The CRG spin-off company Seqera Labs, a leading provider of data organisation and workflow software in the life sciences, has raised €22 million in series A funding, in addition to the €4.4 million of seed capital raised just a year ago.
Seqera Labs was pivotal in detecting different variants of Covid-19, deploying its technology to discover and track the Alpha, Delta, and Omicron variants of the virus. ‘Tower’, the company’s flagship data analytics platform, has also managed to expand its footprint and has been adopted by more than 150 pharmaceutical and biotech companies including AstraZeneca, Janssen Pharmaceuticals, and Oxford Nanopore.
“Partnering with Addition, alongside our existing investors, Speedinvest and Talis Capital, as well as Boxone and Amino, demonstrates their belief in our direction and our ability to execute. Our ambition is to develop a portfolio of innovative products that positively impact millions of patients worldwide by optimising drug research and discovery costs. We are delighted to be able to count on their support in achieving this goal,” said Evan Floden, co-founder and CEO of Seqera Labs.
Seqera Labs was created as a startup at the Centre for Genomic Regulation (CRG), a BIST centre, in 2018. Its founders, Evan Floden and Paolo Di Tommaso are the creators of Nextflow, the popular open source data workflow and organisation software. Today, Nextflow is used by thousands of organisations worldwide, and is downloaded more than 55,000 times a month.
Seqera Labs continues to build on the Nextflow platform to solve some of the most challenging issues that the life sciences sector faces by allowing organisations to scale their analysis across disparate infrastructure. The core technology enables and simplifies complex deployments of data analysis pipelines in multi-cloud environments, monitors and optimises drug research and discovery costs, accelerating clinical diagnostics and enabling data-driven life sciences solutions.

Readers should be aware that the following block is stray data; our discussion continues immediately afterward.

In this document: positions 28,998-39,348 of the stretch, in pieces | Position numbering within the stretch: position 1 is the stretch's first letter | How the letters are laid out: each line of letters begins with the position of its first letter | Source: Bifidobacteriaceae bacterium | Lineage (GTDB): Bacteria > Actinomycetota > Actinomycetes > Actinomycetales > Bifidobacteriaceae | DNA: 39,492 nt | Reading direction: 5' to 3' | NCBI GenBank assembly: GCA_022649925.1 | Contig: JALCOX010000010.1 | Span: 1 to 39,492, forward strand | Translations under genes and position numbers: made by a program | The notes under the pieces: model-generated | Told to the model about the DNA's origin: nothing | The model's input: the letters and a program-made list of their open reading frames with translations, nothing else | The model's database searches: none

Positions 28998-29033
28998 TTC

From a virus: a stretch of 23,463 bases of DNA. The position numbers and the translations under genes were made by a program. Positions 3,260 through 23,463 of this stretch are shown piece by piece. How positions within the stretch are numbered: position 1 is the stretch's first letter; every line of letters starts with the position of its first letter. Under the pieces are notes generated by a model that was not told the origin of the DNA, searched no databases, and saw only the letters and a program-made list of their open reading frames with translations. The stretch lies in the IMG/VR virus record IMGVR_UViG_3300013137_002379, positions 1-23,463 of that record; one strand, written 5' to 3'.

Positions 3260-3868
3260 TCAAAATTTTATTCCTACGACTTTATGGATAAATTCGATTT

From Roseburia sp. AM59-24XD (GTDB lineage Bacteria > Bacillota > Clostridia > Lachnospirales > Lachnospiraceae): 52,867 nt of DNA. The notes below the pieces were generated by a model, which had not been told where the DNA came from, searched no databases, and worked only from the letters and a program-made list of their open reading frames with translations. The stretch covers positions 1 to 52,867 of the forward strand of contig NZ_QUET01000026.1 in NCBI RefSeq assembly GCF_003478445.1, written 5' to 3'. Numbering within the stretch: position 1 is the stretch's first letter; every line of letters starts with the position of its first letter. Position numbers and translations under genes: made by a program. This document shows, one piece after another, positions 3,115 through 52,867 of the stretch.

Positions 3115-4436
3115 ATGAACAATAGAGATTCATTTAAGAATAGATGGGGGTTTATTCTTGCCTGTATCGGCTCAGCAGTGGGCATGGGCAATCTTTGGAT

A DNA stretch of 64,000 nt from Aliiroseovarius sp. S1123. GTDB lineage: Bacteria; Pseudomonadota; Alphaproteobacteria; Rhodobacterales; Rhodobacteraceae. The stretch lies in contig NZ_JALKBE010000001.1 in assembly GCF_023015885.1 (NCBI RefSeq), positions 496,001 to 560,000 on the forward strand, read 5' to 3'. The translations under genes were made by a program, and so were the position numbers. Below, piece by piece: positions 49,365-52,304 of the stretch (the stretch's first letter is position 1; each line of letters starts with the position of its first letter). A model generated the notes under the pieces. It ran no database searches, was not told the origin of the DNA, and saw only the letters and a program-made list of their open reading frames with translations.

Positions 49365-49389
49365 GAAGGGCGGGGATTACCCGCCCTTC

In parallel to this latest round of funding, Seqera Labs and the CRG have signed an agreement on intellectual property whereby the start-up takes control of assets related to Nextflow technology.
“I am extremely proud that a project started in my lab as a very technological solution to our daily scientific problems could turn in so little time into a major global solution for genomics and beyond. I was especially impressed to see how Seqera Labs skilfully overcame the many hurdles that separate smart innovation from mature products. The prospect of future interaction with such a dynamic company is a now major source of motivation for our students. Seqera Labs is a showcase of successful non-academic careers opened to our PhDs,” explains Dr. Cédric Notredame, group leader at the CRG.
The success of Seqera Labs highlights the CRG’s commitment to technology transfer, helping transform scientific results into tangible products and services for society. This funding round adds to an impressive track record in terms of start-ups in the CRG; six companies in total, five of which were created in the last seven years.
“This demonstrates the success of the research system that the Catalan government launched about 20 years ago. The creation of the CERCA centres, an ecosystem of research centres of excellence capable of attracting talent, is beginning to bear fruit in the field of knowledge transfer,” says Dr. Luis Serrano, Director of the Center for Genomic Regulation (CRG).
“Seqera’s success is is impressive for an academic start-up, especially in such a short amount of time. For the CRG, it constitutes a striking demonstration that our tireless commitment towards the translation of basic science into industrial value has been worth our continuous support. This success confirms our expectations and we anticipate it will be the first in a long series of similar achievements,” concludes Dr. Serrano.
Learn more on the CRG website.